it is still difficult to reconcile the two halves of my character living in italy, yet always a foreigner, because it's not my mother tongue, because i grew up a stranger in a strange land, and therefore accepting it has been a process i undertook to understand, willy nilly, just as barack and those other cappucino guys, though obviously their challenge is a million times harder than mine was, i do have an inkling at leat from my experience.
not finding all your roots in one convenient place or set of mores, you look a little wider for an identity that embraces both, and since you're out in deeper waters by then and seeing possible benefits, why not go all the way, and seek identity as a human, without any national boundaries to define one, shoot for the moon, so to speak?
all the steps are interesting, after trying on american polynesia for a big chunk, i appreciate europe so much more than when i was raised here, because we've both changed!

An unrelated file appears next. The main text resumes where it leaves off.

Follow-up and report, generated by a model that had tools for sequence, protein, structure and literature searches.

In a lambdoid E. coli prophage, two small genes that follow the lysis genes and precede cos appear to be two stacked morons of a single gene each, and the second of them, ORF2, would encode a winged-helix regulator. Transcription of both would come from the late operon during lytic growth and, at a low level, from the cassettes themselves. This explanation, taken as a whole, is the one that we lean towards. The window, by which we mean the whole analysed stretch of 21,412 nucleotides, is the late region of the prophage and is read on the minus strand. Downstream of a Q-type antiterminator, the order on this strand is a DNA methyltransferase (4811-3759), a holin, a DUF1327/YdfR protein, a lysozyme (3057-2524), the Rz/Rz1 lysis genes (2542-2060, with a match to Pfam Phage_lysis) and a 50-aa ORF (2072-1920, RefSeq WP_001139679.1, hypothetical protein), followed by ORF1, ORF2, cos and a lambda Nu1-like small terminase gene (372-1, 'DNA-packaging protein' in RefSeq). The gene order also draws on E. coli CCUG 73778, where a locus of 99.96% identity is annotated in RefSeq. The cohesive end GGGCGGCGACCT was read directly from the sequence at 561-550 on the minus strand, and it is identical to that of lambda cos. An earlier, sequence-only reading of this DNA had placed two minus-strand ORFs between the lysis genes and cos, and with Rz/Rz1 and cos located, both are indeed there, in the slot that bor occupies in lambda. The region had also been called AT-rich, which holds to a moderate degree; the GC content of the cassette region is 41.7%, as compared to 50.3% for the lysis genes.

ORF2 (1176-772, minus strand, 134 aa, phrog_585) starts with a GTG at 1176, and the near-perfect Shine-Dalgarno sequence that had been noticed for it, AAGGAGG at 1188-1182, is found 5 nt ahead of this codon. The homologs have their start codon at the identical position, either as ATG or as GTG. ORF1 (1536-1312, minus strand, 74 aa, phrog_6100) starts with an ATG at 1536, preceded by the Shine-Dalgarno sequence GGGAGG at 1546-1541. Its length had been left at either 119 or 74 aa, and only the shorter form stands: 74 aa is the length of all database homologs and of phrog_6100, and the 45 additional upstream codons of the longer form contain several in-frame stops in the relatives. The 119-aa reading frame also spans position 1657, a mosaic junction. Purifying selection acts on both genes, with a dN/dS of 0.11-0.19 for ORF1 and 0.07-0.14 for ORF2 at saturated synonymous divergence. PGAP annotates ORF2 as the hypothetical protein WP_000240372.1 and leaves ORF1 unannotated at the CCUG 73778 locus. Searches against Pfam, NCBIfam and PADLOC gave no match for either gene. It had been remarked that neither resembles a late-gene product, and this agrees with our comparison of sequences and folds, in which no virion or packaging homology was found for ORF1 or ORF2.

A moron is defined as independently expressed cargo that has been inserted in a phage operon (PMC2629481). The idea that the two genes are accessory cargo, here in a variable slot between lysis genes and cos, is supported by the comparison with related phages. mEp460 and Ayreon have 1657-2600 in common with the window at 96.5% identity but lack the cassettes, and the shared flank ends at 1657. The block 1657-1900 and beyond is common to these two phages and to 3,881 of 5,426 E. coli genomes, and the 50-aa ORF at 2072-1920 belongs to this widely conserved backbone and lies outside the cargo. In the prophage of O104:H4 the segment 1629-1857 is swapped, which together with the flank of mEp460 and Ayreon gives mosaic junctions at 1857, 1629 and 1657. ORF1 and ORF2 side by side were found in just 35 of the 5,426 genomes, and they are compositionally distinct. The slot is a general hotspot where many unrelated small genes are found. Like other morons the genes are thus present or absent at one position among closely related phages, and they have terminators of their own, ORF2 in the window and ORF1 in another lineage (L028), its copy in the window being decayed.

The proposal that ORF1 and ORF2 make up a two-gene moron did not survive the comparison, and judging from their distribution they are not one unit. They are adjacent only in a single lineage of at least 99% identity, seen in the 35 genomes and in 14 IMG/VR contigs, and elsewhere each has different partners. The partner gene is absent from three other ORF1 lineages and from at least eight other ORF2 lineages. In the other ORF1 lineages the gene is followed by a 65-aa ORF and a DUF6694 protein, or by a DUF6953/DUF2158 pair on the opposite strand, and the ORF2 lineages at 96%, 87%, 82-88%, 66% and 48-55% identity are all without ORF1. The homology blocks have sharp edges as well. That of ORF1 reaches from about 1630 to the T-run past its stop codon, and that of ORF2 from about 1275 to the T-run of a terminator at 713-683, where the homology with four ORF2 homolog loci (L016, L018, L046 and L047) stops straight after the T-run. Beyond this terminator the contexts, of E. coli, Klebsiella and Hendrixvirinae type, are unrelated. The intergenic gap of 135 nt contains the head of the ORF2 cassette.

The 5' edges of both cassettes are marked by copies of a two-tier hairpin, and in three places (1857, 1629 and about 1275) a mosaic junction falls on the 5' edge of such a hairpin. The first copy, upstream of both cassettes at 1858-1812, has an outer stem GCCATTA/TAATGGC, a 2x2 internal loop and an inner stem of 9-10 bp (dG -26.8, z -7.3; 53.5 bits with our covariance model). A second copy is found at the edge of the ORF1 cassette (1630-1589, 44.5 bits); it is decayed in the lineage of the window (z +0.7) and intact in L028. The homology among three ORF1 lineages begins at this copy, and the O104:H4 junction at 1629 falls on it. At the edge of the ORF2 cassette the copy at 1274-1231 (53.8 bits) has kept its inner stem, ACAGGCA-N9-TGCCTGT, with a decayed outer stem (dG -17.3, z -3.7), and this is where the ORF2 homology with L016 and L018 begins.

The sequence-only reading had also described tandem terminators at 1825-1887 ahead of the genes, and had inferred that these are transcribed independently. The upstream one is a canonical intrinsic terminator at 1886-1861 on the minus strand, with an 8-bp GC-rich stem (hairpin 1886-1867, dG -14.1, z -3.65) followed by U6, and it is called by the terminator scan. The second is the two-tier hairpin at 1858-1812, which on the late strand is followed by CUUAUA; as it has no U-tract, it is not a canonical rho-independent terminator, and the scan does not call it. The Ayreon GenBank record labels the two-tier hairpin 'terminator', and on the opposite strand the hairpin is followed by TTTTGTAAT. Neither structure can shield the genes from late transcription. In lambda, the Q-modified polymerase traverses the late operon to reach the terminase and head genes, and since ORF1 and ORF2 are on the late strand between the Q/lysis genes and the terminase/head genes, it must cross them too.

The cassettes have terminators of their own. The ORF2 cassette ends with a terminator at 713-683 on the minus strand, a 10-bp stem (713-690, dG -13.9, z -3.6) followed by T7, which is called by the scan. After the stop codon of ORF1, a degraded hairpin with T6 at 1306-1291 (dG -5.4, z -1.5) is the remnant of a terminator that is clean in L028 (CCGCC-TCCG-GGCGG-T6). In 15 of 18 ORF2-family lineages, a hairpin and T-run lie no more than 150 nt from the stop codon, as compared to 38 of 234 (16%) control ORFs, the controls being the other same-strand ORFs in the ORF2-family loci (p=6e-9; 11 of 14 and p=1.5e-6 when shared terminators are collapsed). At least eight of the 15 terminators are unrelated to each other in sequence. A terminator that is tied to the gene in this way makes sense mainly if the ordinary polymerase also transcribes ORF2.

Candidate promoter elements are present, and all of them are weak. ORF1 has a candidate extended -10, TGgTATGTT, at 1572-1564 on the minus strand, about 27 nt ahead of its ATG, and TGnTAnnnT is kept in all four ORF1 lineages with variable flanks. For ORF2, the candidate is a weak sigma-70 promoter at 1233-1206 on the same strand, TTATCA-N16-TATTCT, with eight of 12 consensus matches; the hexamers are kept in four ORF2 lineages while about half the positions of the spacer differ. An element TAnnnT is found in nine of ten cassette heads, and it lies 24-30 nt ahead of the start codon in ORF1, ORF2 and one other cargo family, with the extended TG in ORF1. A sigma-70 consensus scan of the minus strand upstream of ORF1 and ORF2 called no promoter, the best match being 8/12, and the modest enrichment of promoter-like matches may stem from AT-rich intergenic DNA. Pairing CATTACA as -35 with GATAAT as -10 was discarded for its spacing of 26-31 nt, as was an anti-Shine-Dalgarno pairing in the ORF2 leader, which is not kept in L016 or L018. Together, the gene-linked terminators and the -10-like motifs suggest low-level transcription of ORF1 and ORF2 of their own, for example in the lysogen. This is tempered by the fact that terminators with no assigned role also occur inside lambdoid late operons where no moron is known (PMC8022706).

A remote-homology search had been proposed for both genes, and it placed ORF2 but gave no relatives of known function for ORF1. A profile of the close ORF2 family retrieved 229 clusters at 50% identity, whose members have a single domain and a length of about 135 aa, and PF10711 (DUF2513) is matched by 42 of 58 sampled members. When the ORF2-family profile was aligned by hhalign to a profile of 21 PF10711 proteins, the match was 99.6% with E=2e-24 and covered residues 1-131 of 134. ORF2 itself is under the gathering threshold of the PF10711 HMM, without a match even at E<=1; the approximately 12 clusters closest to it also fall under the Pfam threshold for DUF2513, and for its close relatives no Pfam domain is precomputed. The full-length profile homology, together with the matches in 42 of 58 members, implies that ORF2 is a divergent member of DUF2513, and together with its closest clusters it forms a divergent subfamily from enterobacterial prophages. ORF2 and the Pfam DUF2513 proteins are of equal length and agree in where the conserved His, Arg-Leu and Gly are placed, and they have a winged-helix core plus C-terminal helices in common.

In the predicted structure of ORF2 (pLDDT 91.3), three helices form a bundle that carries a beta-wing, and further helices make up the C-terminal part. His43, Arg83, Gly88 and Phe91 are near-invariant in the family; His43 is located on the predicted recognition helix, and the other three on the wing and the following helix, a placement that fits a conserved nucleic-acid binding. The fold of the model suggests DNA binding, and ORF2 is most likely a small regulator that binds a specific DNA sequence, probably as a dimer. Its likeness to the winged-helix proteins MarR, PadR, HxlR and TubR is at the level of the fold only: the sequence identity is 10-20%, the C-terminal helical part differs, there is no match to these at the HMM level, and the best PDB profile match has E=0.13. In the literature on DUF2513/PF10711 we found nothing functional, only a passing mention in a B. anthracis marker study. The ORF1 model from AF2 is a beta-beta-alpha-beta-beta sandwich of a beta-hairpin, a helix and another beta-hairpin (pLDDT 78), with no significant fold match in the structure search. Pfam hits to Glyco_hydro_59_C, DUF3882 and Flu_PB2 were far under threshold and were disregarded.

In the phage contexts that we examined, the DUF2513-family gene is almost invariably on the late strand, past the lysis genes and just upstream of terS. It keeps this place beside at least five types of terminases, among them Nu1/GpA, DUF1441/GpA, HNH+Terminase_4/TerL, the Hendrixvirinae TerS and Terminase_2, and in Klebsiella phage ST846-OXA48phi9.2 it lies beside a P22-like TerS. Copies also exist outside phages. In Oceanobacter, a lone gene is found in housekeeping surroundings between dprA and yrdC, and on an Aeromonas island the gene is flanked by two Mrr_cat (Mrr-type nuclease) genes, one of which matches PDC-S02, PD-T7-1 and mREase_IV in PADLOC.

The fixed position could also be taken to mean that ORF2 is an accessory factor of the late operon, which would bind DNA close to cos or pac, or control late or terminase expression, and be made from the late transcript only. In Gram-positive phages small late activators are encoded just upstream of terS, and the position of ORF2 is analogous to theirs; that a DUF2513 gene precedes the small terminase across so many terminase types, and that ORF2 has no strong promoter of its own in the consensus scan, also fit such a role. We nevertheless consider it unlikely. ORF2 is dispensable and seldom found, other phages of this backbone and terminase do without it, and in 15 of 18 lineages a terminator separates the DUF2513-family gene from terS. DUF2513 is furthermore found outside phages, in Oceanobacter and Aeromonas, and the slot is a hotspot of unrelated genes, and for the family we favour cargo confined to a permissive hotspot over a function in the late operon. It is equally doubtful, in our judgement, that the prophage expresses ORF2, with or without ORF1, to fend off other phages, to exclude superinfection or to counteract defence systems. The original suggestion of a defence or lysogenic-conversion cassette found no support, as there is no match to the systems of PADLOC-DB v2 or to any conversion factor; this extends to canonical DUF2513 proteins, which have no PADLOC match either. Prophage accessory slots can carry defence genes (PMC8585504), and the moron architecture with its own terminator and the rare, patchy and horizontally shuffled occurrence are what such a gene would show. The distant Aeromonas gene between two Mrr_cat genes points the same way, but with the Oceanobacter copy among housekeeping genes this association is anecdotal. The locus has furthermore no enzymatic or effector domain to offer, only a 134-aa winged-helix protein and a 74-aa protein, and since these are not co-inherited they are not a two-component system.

thank god and evolution, because i was pretty happy to shake its dust off my feet in my early 20's, sensing the coming thatcher years in my bones as i surveyed the increasing dystopic direction the you-kay was heading in, and hit the road as hard and often as i could.
rambling on...ET is a perfect space to try and understand the de-nationalising (maybe para-nationalising) that is the positive side of globalism, a word i prefer much to 'globalisation', now that i stop and think about it..
sorta like the difference between dominion and domination. nuanced , but there.
viva ET, where cultures collide like waves in a bay, and where we can recognise each others' humanity even when speaking from the inherited and adopted divers matrices of our national emblems and beliefs!
mix it up baby! blur those lines! nations and their ideas are all veggies for the great minestrone of humankind.
now if we could make 'kind' a synonym of 'human'...
'The history of public debt is full of irony. It rarely follows our ideas of order and justice.' Thomas Piketty